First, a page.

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Dartmouth's snowy winter campus

Hi everyone! Dartmouth's 2024 winter term has officially begun—so, what classes am I taking this term? For those of you reading my blog for the first time, I'm in my junior year, finishing up my majors as well as distributive requirements. What are distributive requirements? Every Dartmouth student must complete a set of distributive requirements that include courses in different categories (for example, a computer science course like CS 1 Introduction to Programming would fulfill the technology or applied science (TAS) requirement). Let's dive right in.

1. PHYS 14: Introductory Physics II

Let's start with the most unexciting class amongst my list, arguably: Physics 14! Dartmouth has two general physics sequences: PHYS 3/4 and PHYS 13/14. 13 and 14 are geared towards engineering majors as prerequisites for most engineering courses while 3 and 4 are geared towards pre-medical students hoping to complete the physics prerequisites for medical school. It's a pretty standard course—you learn a plethora of concepts within electricity and magnetism. It's undoubtedly a difficult course but very well structured!

2. ENGS 25: Introduction to Thermodynamics

ENGS 25 is also a part of my biomedical engineering major requirements. It's also a straightforward class where you dive deeper into thermodynamics, traversing the relationship between work, heat, and energy. The course also has a lab portion, which are great opportunities to supplement your learning. I'd say ENGS 25 focuses more on the students' learning with take-home exams and problem sets.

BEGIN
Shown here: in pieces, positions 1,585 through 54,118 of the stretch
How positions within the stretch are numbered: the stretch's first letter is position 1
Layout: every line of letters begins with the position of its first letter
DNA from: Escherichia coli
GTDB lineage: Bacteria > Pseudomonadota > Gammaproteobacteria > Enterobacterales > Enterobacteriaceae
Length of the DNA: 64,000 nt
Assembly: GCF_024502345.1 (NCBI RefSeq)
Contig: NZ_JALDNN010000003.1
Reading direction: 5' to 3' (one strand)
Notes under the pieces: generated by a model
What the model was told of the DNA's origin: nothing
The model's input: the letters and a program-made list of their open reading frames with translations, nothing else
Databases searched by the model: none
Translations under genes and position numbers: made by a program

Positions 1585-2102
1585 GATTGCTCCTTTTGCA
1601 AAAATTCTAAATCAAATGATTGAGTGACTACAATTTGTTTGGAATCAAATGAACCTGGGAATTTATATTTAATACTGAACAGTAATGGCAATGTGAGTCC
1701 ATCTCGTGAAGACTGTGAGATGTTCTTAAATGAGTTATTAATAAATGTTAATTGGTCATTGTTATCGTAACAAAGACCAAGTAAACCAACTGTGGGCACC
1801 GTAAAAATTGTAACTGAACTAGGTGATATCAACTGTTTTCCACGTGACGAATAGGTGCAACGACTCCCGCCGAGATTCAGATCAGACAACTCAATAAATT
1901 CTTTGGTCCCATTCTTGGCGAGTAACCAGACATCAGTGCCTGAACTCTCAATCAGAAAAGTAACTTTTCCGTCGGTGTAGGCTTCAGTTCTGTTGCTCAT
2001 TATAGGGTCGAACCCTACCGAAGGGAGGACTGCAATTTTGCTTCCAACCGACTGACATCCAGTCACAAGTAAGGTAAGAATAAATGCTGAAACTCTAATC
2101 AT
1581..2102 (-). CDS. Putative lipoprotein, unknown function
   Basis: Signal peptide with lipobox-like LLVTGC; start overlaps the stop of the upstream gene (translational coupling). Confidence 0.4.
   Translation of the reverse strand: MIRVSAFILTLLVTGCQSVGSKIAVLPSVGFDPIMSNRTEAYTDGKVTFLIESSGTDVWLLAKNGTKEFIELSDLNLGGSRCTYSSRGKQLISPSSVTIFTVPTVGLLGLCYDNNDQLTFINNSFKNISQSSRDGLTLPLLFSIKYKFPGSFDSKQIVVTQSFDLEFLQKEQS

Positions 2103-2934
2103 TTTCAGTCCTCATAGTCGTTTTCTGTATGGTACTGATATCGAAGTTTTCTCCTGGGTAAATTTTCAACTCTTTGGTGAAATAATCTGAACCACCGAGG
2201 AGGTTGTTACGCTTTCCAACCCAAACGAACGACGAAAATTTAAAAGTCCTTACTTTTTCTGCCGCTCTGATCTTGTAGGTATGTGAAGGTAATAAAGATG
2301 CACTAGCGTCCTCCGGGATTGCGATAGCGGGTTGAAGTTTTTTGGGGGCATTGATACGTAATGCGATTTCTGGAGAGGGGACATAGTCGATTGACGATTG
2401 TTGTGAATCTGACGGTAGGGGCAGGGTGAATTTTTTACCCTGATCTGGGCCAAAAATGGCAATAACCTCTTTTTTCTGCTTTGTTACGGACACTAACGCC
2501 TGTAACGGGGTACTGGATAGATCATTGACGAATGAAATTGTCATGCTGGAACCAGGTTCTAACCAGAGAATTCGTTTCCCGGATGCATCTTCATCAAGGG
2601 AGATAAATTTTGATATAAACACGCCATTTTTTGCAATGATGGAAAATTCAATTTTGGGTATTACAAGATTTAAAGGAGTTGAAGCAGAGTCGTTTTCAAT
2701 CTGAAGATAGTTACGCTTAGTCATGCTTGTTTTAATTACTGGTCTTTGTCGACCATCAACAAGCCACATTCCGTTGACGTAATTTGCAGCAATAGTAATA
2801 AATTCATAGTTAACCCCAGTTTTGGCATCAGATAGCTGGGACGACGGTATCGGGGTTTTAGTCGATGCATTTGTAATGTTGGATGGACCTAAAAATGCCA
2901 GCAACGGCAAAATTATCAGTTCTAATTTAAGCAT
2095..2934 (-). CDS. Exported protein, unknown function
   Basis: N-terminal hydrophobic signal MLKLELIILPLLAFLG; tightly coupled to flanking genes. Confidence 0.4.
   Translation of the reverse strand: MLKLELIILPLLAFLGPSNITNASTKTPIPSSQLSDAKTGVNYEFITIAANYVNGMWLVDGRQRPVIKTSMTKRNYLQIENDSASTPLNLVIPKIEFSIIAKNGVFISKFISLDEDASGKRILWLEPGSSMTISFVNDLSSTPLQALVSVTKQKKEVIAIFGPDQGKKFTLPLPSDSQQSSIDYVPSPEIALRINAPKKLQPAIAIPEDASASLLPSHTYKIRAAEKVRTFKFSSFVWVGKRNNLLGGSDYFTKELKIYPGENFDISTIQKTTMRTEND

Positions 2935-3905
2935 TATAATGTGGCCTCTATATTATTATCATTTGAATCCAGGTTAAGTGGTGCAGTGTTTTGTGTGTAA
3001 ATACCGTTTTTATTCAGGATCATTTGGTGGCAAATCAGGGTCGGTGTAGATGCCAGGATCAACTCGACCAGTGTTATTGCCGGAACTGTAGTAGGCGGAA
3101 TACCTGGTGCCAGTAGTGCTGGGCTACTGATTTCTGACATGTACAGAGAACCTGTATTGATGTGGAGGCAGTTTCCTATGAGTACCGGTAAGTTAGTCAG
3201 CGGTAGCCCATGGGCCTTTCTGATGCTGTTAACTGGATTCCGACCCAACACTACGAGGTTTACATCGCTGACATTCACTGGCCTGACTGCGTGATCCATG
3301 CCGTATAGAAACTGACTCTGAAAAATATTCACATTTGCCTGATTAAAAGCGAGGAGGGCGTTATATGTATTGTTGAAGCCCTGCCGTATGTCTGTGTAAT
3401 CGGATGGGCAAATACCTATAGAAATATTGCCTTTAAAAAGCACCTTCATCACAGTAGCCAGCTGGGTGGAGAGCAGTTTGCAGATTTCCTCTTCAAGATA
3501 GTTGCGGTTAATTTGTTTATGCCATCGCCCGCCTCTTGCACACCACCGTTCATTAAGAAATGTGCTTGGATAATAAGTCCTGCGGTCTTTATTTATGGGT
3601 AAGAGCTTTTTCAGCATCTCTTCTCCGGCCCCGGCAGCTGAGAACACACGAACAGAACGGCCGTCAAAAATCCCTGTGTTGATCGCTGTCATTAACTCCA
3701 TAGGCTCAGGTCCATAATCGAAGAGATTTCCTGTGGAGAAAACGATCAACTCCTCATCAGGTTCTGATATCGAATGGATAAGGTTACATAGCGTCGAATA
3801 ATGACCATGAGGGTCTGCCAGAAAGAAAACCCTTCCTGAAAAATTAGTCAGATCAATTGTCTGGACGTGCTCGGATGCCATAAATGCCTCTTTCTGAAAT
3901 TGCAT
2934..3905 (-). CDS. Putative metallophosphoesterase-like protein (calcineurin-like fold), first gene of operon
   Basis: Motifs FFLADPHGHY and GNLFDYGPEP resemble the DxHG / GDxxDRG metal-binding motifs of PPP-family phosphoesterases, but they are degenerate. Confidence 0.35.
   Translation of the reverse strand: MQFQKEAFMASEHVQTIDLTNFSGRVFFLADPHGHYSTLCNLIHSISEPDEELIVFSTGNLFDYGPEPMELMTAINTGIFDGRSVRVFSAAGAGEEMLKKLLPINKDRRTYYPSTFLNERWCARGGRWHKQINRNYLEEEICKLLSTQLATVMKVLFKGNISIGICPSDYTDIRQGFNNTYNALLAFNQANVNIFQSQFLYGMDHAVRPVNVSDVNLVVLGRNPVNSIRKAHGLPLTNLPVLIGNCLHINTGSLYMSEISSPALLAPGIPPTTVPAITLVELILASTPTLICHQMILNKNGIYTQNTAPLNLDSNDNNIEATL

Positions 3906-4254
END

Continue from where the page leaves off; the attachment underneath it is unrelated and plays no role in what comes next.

3. ANTH 76: The Evolution of Upright Walking

My favorite course this term, ANTH 76. In ANTH 76, we explore the evolution of bipedalism: how primates evolved from quadrupedal locomotion to bipedal walking. From scientific concepts to analyzing a wide array of hypotheses, ANTH 76 offers so many modes of learning, and I enjoy that very much. Also, it's taught by Professor DeSilva who is an expert in the field—when I say expert, I mean it. Interesting readings, interesting discussions, and I highly recommend it. ANTH 76 fulfills the senior seminar requirement for my anthropology modified with global health major. 

4. LING 05.02: The Digital Portfolio

Lastly, LING 05.02 fulfills my art distributive requirement, as it is a course that hones in your WordPress portfolio editing skills. Every Dartmouth student is given a free WordPress domain aimed to help you design a portfolio of your choice—whether it be academic, visual, coding, etc. Although students mostly work on it outside of class, LING 05.02 dedicates a whole term of class to developing it. We discuss linguistics/visual/verbal concepts to maximize our portfolios' effectiveness. 

Time flew to junior year, and here I am now getting ready to finish my majors. My courses, I'd say, got progressively more exciting (also challenging) as the years went on. Feel free to browse through some previous blog posts if you want to see the general timeline of courses if you're a  pre-engineering/pre-medical/pre-anthropology student!

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